- SHOHA HIDAI    Calligrapher of the line full of light -




In 1914, Yasuko (Shoha) was born in Yokohama, as the oldest daughter of Father, Giichi Yamamasu and Mother, Mariko.
In this photograph, at the left end Mariko Yamamasu, in the center Yasuko, and at the right end Giich were showed. A girl whom Yasuko was holding in her arms was Kazuko, daughter of Nankoku and Yasuko.

1. Father, Giichi Yamamasu

THE BIBLICAL STUDY The chief editor: Kanzo Uchimura

“THE BIBLICAL STUDY”The chief editor: Kanzo Uchimura

Her father, Giichi (1882-1959) was from Kurayoshi-machi( now Kurayoshi-city), Kume District in Tottori Prefecture. In 1900, he entered the national Tokyo Shosen Gakko (Tokyo Mercantile Marine School, the forerun passengers of Tokyo University of Mercantile Marine and now Tokyo University of Marine Science and Technology, integrated with Tokyo University of Fisheries) at Ecchujima in Tokyo. In this year, he read “ THE BIBLICAL STUDY” , the first biblical journal in Japan published by Kanzo Uchimura, and he was deeply moved to be a devout Christian, becoming Kanzo’s pupil. On Sundays he went to Kanzo’s house at Tsunohazu of Shinjuku from the school dormitory at Ecchujima on foot. He belonged to the first Society of Christian Friendship organized in 1905. After graduating from Tokyo Shosen Gakko, Giichi obtained a job with Toyo Kisen (Oriental Steamship Company), chiefly plying on the North-America line, and there he worked as the captain of ships carrying both cargo and passengers on foreign routes. Kanzo Uchimura moved to Kashiwagi of Yodobashi and set up Imai Biblical Auditorium (its name from Shotaro Imai who was dead of an illness) in 1907. Giichi walked to Imai Auditorium frequently.

In 1921, Diary of Kanzo Uchimura

Friday, March 11 Half-fair and fine day of no winds
At noon, I went to Yokohama after a long time. Friends met to me and treated me to lunch. Captain Yamamasu showed us the German steamship ‘Kap Finister’ transferred to our country lately. The ship was a so-called modern floating palace. It was built by means of applying all knowledge to pursue corporal pleasure. It was a so-called good example of European civilization. It was obvious enough to indicate that not only Germany but also the whole civilized country exhausted all their strength for increasing pleasure. And I had to remark that there was the source of world wars in this point. We left this ship for Captain Yamamasu’s ‘Hayomaru’ of Toyo Kisen. This was a newly-built freighter, which had just gone out from the dockyard and had no decorations. I held the prayer meeting with the party of four friends. We prayed, “God bless the ship and its captain”. Going ashore again, we saw the new school building of Kanto Gakuin at the hills leading to Nogeyama Mountain.
The school had been run by Baptist Church in the U.S., and I was amazed that its scale was large and its equipment was perfect. Its principal was Yu Sakata, Bachelor of Arts, one of old Party of Kashiwagi, and its vice-principal and a couple of teachers were my friends with the same faith.
Thus both the steamship captain and the school principal were my friends with the same faith; so I felt that the sea and the land were gradually going into my possession.

2.Mother, Mariko and Isaburo Yamada

Isaburo Yamada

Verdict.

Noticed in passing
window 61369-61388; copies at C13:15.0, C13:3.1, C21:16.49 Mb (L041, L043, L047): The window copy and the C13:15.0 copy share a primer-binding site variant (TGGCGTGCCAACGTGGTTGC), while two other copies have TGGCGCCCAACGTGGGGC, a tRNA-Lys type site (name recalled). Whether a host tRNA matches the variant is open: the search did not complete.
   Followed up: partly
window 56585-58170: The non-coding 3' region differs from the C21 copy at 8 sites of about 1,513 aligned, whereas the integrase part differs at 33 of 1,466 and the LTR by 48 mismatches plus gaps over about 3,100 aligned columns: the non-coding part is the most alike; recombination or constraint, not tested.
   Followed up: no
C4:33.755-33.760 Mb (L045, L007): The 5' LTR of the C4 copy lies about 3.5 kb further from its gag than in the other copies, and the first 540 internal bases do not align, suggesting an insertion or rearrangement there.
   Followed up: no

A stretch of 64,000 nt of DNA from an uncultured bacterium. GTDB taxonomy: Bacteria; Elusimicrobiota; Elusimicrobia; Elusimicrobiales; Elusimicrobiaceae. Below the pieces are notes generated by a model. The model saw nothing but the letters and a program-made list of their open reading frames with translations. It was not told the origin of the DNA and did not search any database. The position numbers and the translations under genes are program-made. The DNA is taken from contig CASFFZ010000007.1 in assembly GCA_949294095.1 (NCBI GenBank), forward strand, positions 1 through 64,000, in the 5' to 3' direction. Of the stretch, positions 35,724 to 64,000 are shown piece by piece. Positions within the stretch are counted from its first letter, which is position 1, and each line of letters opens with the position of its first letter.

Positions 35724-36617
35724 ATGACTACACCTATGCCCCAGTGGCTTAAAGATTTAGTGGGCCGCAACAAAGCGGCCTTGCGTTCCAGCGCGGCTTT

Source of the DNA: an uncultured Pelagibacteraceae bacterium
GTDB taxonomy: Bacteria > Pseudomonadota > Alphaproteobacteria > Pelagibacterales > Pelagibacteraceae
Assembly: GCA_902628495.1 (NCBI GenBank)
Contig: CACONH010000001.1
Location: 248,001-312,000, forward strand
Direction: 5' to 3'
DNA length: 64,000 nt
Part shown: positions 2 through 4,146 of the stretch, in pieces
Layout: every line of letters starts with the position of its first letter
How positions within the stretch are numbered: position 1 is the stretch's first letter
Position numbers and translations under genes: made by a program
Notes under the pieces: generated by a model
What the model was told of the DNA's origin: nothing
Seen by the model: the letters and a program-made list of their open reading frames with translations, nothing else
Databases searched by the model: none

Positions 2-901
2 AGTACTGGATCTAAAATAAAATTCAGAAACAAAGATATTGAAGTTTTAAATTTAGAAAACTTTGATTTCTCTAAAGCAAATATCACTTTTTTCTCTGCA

This is a photograph of Isaburo Yamada gripping the control stick of the airship.

Yasuko's mother, Mariko (1891-1969) was from Wakayama-city in Wakayama Prefecture and Mariko was born in a samurai-class family of the Kisyu han (clan). Yasuko’s grandfather, Isaburo Yamada (1863-1913) was renowned for completing the first airship and succeeding in the first flight of the domestic airship in Japan, 1910. Isaburo had witnessed the shipwreck of English Normanton carrying both cargo and passengers, and he had already invented the rubber life buoys and taken out the patent for lifesaving equipment. He also started to investigate balloons and invented the cylindrical captive balloon for the first time in Japan, 1900. He died at the age of 51 in 1913.

3.Yamamasu family and Kanzo Uchimura

Yamamasu family and Kanzo Uchimura

At the left end, Yasuko and at the upper right, Masanobu.

In 1892, Isaburo came up to Tokyo and established the balloon factory (currently, The Weather Balloon Mfg. Co., Ltd.) at Osaki. Both Giichi Yamamasu and Mariko frequented Kanzo’s house as earnest Christians, and then they married. They had the firstborn daughter in 1914. Kanzo Uchimura named the baby ‘Yasuko’.

Four children were born between Giichi and Mariko ; the eldest daughter, Yasuko ( Shoha Hidai, calligrapher), the firstborn son, Masanobu ( Professor of hydro-engineering in Kanto Gakuin University, died in 2003), the second daughter, Katsuko (1919-1925, died from tumbling down the stairs in her childhood) and the third daughter, Emiko ( Professor of psychology in Ferris Jogakuin University, died in 2010). Yamamasu family was the family of earnest and pious Christians. Mariko organized the biblical lecture at Imai Auditorium in a central role, and two sisters, Yasuko and Emiko served cakes to children, and Masanobu who was Dai Ichi Kotogakko (First Higher School, Japan) student at that time talked about the Bible’s story to gathering children. In 1930, Kanzo Uchimura died. Mariko attended Kanzo on his deathbed among his pupils ( five days ago). After his death, when Kanzo’s house and Imai Auditorium at Kashiwagi were due to be removed owing to the city planning of Tokyo, Giichi purchased Kanzo’s house and removed it to Hayama. Imai Auditorium was removed to Nakane in Meguro Ward, and Sunday Gathering continued there.

After Father, Giichi retired from the captain of Toyo Kisen, he worked for the pilot of Yokohama Port and played an active part as the person of influence in the Yokohama harbor and shipping world.


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